The FCC has set the date for comments on the proposal for television stations to maintain an online public inspection file, including an online political file (see Federal Register notice here). Comments are due on December 22. Replies are due on January 6. Happy Holidays from the FCC! We summarized the FCC’s proposals here and here. While the proposed new rules will relieve stations from the burden of hosting the files themselves (as the FCC is proposing to host all of the files on its own servers), it still requires that stations upload their information – including all information that is put in their political file, into a new electronic reporting system to be devised by the FCC. As we described in detail in our summary of the proposal for the online public file, the FCC is asking whether certain new public file obligations should be added to those currently in place. These include possible posting of comments on programming that come from the station’s social media efforts in addition to the letters and emails currently required; a proposed requirement to place in the public file information about sponsorship identification of all "pay for play" material that is broadcast on a station (currently only broadcast, not kept in any paper form); a requirement to provide information about shared services agreements and the programming that they provide to a station; and a requirement that all information about fines and other enforcement actions taken against a station be posted to the online file. So how much does the FCC think that this will cost stations?
As we wrote yesterday, in adopting rules, the FCC is currently bound by the Paperwork Reduction and the Regulatory Flexibility Acts, both of which require some assessment of the impact of new regulations, particularly on small businesses. In the Federal Register publication, the FCC’s assessment of the regulatory burden of these proposed new obligations is broken down into several pieces. The burden for the new online public file requirement, including the posting of the political file, is set forth as follows:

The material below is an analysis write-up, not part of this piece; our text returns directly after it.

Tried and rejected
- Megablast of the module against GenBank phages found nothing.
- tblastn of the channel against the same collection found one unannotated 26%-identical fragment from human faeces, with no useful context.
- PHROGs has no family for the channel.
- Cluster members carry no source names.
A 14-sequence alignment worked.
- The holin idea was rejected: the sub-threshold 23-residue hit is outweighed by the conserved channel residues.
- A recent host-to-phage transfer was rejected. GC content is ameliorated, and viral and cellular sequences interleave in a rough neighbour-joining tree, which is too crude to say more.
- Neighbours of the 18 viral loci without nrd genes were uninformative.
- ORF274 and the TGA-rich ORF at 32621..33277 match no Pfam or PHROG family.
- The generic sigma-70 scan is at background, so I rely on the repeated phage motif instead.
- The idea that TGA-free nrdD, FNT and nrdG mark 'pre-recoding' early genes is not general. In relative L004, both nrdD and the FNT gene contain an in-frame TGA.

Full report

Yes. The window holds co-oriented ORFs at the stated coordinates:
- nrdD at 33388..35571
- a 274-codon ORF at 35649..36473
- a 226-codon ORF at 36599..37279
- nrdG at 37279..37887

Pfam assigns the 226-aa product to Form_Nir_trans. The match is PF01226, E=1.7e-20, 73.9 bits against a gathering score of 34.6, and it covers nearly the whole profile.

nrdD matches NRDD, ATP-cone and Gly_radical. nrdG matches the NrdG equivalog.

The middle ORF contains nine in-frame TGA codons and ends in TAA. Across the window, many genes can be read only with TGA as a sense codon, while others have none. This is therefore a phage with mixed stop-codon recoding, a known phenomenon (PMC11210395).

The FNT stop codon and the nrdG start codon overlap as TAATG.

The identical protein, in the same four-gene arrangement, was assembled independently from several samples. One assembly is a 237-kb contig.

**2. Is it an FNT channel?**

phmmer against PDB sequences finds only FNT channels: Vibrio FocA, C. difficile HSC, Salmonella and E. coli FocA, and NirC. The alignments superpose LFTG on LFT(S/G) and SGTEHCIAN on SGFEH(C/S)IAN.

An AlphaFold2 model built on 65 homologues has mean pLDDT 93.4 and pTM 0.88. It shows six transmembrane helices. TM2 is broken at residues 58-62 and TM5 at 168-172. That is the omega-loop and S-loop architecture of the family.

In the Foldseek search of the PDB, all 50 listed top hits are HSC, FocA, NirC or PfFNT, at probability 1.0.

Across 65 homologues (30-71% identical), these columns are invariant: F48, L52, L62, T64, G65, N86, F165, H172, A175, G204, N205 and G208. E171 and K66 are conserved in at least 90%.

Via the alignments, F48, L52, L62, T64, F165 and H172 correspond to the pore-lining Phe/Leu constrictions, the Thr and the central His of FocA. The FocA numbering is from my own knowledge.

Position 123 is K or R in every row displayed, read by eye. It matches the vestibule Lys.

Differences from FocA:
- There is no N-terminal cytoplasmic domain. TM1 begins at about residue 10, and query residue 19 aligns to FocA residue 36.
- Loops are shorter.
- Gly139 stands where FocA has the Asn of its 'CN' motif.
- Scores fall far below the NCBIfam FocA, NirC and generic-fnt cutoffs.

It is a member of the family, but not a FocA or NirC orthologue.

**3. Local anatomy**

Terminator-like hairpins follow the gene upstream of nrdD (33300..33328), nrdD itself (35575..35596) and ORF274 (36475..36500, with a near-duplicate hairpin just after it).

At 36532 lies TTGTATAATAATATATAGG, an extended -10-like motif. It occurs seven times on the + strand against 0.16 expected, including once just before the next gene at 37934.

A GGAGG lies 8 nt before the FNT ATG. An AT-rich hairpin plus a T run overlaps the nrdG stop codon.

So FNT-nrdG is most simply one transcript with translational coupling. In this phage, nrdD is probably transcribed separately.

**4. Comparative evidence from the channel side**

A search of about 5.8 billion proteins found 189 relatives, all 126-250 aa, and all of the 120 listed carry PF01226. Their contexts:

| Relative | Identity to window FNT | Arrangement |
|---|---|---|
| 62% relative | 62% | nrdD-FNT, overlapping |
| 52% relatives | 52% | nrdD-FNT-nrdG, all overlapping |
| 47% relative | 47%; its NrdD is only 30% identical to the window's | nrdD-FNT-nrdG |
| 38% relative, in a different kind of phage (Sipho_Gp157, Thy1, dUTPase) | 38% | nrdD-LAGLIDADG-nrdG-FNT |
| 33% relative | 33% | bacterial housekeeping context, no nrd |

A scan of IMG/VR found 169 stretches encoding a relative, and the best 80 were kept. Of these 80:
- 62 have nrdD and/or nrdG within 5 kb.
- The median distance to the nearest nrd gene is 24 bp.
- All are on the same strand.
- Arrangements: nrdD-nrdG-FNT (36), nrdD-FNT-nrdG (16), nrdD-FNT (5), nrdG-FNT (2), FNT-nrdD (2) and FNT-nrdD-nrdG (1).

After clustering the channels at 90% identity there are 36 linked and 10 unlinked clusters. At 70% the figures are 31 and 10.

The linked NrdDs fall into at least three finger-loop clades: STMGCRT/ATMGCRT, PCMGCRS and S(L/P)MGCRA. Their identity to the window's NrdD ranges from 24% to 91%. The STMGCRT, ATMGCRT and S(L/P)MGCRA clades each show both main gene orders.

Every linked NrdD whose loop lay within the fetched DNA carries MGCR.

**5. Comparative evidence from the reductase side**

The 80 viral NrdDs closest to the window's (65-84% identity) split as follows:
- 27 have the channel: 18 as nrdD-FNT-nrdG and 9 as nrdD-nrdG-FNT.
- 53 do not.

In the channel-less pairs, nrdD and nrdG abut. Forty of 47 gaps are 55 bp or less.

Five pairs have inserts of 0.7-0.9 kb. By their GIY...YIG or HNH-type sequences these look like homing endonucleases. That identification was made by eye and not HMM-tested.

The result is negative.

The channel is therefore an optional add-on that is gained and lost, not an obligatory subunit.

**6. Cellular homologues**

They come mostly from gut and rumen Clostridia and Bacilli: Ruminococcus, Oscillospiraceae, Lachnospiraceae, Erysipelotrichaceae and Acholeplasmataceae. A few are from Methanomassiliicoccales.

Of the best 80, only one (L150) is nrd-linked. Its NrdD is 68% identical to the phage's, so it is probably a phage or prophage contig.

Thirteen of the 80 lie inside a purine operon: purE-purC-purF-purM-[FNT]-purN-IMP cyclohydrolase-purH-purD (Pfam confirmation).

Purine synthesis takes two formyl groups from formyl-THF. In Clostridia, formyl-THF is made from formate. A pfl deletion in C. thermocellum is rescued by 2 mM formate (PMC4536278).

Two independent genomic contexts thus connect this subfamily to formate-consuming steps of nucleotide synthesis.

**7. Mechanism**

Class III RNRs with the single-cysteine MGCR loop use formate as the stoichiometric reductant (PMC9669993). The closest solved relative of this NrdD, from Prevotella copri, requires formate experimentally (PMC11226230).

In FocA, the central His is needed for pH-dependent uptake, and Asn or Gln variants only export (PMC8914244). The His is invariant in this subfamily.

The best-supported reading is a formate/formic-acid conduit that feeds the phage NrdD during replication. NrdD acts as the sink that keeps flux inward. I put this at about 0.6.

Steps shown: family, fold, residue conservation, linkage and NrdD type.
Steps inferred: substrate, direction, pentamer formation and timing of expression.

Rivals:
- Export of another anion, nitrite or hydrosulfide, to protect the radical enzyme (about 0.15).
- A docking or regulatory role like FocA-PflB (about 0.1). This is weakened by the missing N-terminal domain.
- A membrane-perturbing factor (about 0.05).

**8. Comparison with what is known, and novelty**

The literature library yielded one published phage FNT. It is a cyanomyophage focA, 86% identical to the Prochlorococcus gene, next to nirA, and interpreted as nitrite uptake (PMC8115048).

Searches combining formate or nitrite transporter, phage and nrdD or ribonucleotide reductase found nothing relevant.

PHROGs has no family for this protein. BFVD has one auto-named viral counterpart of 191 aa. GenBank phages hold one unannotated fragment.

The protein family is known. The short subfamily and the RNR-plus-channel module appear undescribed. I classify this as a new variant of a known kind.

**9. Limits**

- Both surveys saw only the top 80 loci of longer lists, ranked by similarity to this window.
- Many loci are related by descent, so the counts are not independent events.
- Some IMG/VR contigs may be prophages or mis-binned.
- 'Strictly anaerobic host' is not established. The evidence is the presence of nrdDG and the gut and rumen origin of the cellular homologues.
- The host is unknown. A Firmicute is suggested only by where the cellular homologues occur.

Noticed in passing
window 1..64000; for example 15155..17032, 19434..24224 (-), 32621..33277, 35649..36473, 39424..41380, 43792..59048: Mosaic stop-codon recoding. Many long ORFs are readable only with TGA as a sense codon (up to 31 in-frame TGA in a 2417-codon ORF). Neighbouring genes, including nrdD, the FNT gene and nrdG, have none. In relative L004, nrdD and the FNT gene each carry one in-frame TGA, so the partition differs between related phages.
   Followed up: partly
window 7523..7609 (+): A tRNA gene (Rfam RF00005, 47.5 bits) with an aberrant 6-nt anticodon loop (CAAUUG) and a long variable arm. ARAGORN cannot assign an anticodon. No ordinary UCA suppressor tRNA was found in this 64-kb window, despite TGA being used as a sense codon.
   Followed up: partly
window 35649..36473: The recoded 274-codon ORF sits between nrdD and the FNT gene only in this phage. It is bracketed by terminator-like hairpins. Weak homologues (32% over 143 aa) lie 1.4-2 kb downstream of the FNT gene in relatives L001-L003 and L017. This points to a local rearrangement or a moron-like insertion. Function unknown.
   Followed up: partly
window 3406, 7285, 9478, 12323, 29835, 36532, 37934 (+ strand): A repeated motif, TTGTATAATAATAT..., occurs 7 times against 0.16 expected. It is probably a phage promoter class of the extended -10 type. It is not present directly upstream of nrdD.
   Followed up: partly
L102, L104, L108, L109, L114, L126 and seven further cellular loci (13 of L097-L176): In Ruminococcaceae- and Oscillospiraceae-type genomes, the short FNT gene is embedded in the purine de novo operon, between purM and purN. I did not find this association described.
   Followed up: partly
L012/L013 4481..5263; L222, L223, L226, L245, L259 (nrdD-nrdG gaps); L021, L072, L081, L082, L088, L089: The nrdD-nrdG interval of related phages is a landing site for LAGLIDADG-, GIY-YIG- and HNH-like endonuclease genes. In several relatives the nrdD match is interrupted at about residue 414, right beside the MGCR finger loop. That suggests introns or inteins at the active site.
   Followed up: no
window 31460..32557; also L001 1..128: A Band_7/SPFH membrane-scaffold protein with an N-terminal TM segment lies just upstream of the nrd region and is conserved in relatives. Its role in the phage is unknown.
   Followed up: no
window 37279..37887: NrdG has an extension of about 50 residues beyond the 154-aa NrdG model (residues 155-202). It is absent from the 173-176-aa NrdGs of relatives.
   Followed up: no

Respondents/Affected Parties: Business or other for-profit entities; Not for-profit institutions; Individuals or households
Number of Respondents and Responses: 25,422 respondents; 59,833 responses
Estimated Time per Response: 1 to 104 hours.
Frequency of Response: On occasion reporting requirement; Recordkeeping requirement; Third party disclosure requirement
Obligation To Respond: Required to obtain or retain benefits. The statutory authority for this collection of information is contained in 47 U.S.C 151, 152, 154(i), 303, 307 and 308
Total Annual Burden: 2,158,909 hours
Total Annual Costs: $801,150.00
Stations should look at and evaluate these numbers as part of their response, as the FCC has invited a cost-benefit analysis of the proposed new rules. How is it that the FCC assumes that the regulatory burden would be over 2 million hours, but that the costs would be less than a million dollars? How will this work be done and paid for? It is also interested in that the number of respondents is listed as 25,422. As there are only 1,782 full-power television stations and about 450 Class A stations according to the last FCC Report on station totals, who else is expected to report on this form? The FCC, in its Notice of Proposed Rulemaking, specifically exempted radio from the obligations for an online public file – at least for the time being.